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Title: Black hole mass estimates and emission-line properties of a sample of redshift z > 6.5 quasars

We present the analysis of optical and near-infrared spectra of the only four z > 6.5 quasars known to date, discovered in the UKIDSS-LAS and VISTA-VIKING surveys. Our data set consists of new Very Large Telescope/X-Shooter and Magellan/FIRE observations. These are the best optical/NIR spectroscopic data that are likely to be obtained for the z > 6.5 sample using current 6-10 m facilities. We estimate the black hole (BH) mass, the Eddington ratio, and the Si IV/C IV, C III]/C IV, and Fe II/Mg II emission-line flux ratios. We perform spectral modeling using a procedure that allows us to derive a probability distribution for the continuum components and to obtain the quasar properties weighted upon the underlying distribution of continuum models. The z > 6.5 quasars show the same emission properties as their counterparts at lower redshifts. The z > 6.5 quasars host BHs with masses of ∼10{sup 9} M{sub ☉} that are accreting close to the Eddington luminosity ((log(L{sub Bol}/L{sub Edd})) = –0.4 ± 0.2), in agreement with what has been observed for a sample of 4.0 < z < 6.5 quasars. By comparing the Si IV/C IV and C III]/C IV flux ratios with the results obtained frommore » luminosity-matched samples at z ∼ 6 and 2 ≤ z ≤ 4.5, we find no evidence of evolution of the line ratios with cosmic time. We compare the measured Fe II/Mg II flux ratios with those obtained for a sample of 4.0 < z < 6.4 sources. The two samples are analyzed using a consistent procedure. There is no evidence that the Fe II/Mg II flux ratio evolves between z = 7 and z = 4. Under the assumption that the Fe II/Mg II traces the Fe/Mg abundance ratio, this implies the presence of major episodes of chemical enrichment in the quasar hosts in the first ∼0.8 Gyr after the Big Bang.« less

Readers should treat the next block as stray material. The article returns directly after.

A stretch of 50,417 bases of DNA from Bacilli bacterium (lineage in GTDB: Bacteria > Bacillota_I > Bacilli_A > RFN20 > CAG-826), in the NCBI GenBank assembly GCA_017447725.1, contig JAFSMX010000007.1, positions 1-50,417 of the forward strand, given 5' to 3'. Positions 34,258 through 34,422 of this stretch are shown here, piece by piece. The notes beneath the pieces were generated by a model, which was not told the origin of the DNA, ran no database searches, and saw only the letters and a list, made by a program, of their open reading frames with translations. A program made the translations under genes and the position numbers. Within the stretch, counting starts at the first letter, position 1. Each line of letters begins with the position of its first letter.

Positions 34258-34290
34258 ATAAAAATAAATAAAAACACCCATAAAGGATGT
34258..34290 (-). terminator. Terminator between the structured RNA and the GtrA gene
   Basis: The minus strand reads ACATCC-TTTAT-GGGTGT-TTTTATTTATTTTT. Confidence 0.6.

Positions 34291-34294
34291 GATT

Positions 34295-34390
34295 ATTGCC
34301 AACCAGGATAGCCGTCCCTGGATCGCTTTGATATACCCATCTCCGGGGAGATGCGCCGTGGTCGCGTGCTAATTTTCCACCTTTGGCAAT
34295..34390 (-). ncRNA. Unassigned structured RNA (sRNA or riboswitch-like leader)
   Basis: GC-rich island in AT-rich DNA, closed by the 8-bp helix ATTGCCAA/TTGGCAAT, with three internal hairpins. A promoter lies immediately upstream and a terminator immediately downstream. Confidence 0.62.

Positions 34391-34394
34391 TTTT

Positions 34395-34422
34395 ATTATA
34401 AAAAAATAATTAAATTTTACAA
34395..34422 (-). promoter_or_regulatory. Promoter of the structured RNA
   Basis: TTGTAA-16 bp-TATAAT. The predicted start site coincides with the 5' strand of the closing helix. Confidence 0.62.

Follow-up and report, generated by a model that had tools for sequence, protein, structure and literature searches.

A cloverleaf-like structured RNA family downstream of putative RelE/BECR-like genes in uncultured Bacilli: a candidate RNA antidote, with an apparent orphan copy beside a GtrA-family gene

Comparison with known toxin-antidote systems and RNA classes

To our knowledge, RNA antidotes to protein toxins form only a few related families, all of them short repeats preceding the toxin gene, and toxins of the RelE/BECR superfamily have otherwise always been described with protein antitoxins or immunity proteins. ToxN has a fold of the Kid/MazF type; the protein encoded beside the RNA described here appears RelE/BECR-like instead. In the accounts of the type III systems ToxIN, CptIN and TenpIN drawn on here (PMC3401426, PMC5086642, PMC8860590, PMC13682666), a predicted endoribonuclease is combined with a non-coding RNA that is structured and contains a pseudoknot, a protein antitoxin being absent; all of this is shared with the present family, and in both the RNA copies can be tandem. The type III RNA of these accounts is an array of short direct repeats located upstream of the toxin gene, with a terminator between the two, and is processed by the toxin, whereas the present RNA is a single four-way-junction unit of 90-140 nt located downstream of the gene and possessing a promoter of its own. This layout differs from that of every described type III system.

Authors:
; ;  [1] ; ; ;  [2] ;  [3] ;  [4] ;  [5] ; ;  [6] ;  [7] ;  [8]
  1. Department of Astronomy, The Ohio State University, 140 West 18th Avenue, Columbus, OH 43210 (United States)
  2. Max-Planck-Institut für Astronomie, Königstuhl 17, D-69117 Heidelberg (Germany)
  3. Space Telescope Science Institute, 3700 San Martin Drive, Baltimore, MD 21218 (United States)
  4. MIT-Kavli Center for Astrophysics and Space Research, 77 Massachusetts Avenue, Cambridge, MA 02139 (United States)
  5. Department of Physics and Astronomy, Ohio University, Clippinger Lab 251B, Athens, OH 45701 (United States)
  6. Institute of Astronomy, University of Cambridge, Madingley Road, Cambridge CB3 0HA (United Kingdom)
  7. Astrophysics Group, Imperial College London, Blackett Laboratory, Prince Consort Road, London, SW7 2AZ (United Kingdom)
  8. Astrophysics Research Institute, Liverpool John Moores University, Liverpool Science Park, 146 Brownlow Hill, Liverpool L3 5RF (United Kingdom)
Publication Date:
OSTI Identifier:
22365462
Resource Type:
Journal Article
Resource Relation:
Journal Name: Astrophysical Journal; Journal Volume: 790; Journal Issue: 2; Other Information: Country of input: International Atomic Energy Agency (IAEA)
Country of Publication:
United States
Language:
English
Subject:
79 ASTROPHYSICS, COSMOLOGY AND ASTRONOMY; BLACK HOLES; CARBON; COMPARATIVE EVALUATIONS; DISTRIBUTION; EDDINGTON THEORY; ELEMENT ABUNDANCE; EMISSION; GALAXIES; INFRARED SPECTRA; IRON; LUMINOSITY; MASS; NEAR INFRARED RADIATION; QUASARS; RED SHIFT; SILICON; SPECTROSCOPY; TELESCOPES; VISIBLE RADIATION